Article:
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Long-distance organic

Is it really a savior for smallholder farmers in the global south?

In the latest Victual Reality, I addressed the "eat-local backlash" -- the steady trickle of media reports seeking to debunk the supposed social and environmental benefits of eating from one's foodshed. Some of the charges are easy to refute. Hey, in Maine, it takes more energy to produce hothouse tomatoes in January than it does to ship them up from South America! Really? Try eating something besides fresh tomatoes in January in Maine. Hell, if you really want Maine tomatoes in January, organize to invest in community-scale canning infrastructure, and then capture July's bounty for the whole year. There's another …

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Heard it through the bovine

Scientists try to reduce methane emissions by tweaking cow diets

Did you know that cows belch every 40 seconds? I did not. A recent article in The Christian Science Monitor states this fun fact, and goes on to explain how scientists are trying to manipulate bovine diets to reduce the amount of methane that they emit: British researchers have begun a $1.5 million government research program to propose ways to change cows' diets in order to reduce methane production by feeding them grasses with higher levels of sugar, which facilitate digestion. "These grasses present a better balance of nutrients to the microbial population in the rumen and are used more …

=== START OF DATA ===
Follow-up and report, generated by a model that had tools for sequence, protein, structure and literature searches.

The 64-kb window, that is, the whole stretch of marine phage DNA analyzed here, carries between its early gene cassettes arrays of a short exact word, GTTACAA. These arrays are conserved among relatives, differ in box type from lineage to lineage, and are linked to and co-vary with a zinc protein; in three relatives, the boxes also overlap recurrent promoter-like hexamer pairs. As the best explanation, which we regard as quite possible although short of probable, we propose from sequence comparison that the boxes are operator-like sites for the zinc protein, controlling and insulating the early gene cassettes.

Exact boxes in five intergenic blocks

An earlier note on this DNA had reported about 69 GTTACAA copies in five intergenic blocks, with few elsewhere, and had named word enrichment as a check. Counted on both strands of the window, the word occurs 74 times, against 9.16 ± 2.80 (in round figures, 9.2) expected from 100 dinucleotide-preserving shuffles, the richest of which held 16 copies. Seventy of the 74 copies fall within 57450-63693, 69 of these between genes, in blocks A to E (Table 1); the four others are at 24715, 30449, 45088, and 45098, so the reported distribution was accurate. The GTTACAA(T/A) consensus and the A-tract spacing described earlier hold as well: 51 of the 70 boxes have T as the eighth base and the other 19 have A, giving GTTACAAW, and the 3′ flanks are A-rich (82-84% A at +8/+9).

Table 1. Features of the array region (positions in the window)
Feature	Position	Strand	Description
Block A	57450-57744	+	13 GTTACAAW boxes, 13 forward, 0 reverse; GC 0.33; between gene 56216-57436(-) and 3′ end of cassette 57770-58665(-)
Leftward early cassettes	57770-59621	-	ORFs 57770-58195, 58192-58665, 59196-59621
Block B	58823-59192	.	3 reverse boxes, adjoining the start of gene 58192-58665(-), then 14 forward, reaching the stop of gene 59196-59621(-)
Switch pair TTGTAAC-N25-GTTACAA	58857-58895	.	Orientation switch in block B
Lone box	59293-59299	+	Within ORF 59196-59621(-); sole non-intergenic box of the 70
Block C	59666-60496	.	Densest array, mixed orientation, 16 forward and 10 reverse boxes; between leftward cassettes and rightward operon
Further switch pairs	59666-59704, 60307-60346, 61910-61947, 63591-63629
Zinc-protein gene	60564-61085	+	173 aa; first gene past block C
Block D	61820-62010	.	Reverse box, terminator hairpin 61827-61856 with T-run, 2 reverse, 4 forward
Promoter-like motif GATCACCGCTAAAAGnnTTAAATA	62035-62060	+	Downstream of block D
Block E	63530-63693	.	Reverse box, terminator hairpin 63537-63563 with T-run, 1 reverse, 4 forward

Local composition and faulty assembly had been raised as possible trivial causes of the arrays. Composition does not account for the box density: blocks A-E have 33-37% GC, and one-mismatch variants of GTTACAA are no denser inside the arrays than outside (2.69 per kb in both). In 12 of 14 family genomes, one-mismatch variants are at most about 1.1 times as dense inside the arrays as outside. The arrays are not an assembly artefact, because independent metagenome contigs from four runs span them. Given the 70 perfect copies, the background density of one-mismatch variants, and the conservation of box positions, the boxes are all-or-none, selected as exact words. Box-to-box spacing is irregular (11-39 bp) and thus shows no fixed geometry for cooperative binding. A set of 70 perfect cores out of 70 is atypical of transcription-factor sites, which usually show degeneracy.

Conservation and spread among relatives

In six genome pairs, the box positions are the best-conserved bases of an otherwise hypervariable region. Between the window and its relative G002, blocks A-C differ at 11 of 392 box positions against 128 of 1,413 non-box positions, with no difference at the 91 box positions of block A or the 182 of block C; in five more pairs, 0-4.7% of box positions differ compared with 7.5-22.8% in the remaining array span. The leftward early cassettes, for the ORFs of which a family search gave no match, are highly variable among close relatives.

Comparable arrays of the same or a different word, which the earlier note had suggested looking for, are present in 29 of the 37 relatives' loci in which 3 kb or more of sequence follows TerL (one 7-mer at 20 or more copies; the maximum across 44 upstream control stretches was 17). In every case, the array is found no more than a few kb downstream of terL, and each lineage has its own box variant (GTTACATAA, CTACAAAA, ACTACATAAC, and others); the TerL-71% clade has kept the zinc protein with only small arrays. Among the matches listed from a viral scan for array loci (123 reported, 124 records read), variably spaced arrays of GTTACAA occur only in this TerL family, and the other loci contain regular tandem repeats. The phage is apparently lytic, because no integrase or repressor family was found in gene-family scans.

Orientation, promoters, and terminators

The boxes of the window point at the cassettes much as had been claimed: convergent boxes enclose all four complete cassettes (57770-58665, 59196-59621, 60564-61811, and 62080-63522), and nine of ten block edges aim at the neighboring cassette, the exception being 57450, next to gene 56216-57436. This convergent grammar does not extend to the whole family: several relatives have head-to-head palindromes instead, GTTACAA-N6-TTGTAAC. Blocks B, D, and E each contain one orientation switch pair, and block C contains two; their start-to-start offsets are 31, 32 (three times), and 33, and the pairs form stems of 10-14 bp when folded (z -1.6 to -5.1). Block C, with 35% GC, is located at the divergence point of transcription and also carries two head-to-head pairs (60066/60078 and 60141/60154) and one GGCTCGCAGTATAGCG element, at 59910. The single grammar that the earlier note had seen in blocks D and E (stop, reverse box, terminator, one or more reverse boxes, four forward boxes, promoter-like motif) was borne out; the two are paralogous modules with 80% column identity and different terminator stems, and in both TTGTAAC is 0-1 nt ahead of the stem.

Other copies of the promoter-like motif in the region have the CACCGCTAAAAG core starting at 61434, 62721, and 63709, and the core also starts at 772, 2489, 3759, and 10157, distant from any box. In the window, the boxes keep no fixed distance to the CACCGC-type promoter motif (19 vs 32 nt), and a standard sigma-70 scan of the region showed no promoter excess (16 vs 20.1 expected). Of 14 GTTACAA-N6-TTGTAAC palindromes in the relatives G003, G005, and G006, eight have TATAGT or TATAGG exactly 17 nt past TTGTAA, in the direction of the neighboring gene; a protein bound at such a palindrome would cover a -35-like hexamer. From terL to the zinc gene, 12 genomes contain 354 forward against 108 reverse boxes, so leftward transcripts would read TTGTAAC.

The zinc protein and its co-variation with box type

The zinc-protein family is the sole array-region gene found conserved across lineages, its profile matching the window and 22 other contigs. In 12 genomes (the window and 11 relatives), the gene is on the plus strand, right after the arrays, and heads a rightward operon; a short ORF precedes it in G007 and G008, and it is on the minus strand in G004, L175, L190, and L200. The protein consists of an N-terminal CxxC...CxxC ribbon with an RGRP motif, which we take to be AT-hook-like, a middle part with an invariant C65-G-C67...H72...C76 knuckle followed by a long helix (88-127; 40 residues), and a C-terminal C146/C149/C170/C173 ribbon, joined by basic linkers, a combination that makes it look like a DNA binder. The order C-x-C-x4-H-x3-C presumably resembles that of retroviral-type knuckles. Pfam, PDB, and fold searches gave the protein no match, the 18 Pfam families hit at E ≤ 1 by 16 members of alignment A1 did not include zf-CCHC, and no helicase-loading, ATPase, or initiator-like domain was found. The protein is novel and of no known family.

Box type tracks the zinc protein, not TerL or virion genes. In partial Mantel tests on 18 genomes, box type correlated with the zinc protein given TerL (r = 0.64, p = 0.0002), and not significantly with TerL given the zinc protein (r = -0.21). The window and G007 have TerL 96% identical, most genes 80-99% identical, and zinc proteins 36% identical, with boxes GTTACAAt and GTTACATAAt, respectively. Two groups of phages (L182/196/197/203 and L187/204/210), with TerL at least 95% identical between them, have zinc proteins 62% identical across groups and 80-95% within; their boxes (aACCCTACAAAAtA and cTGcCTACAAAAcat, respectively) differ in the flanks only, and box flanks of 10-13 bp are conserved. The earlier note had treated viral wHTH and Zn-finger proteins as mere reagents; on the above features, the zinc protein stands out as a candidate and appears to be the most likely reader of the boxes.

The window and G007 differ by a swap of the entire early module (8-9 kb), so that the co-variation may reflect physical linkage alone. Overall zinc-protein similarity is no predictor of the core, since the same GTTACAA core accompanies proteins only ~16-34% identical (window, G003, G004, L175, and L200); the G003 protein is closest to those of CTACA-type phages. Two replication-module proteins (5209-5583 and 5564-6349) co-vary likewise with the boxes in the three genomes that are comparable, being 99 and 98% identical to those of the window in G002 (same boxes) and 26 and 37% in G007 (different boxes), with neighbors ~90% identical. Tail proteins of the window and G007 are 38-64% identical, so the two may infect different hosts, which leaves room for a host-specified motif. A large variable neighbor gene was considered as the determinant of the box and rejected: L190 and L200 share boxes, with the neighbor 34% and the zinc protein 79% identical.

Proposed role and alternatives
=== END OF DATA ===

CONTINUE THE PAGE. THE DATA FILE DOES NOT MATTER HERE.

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If buying locally isn’t the answer, then what is?

Is long-distance better than local? Photo: Sheila Steele Attention farmers' market shoppers: Put that heirloom tomato down and rush to the nearest supermarket. By seeking local food, you're wantonly spewing carbon into the atmosphere. That's the message of a budding backlash against the eat-local movement. The Economist fired a shotgun-style opening salvo last December, peppering what it called the "ethical foods movement" with a broad-spectrum critique. Among the claims: organic agriculture consumes more energy than conventional, and food bought from nearby sources often creates more greenhouse-gas emissions than food hauled in from long distances. (Here was my response to that …

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Chicago-style Mad Flavor: I heart Lula

In which the author finds his dream neighorhood restaurant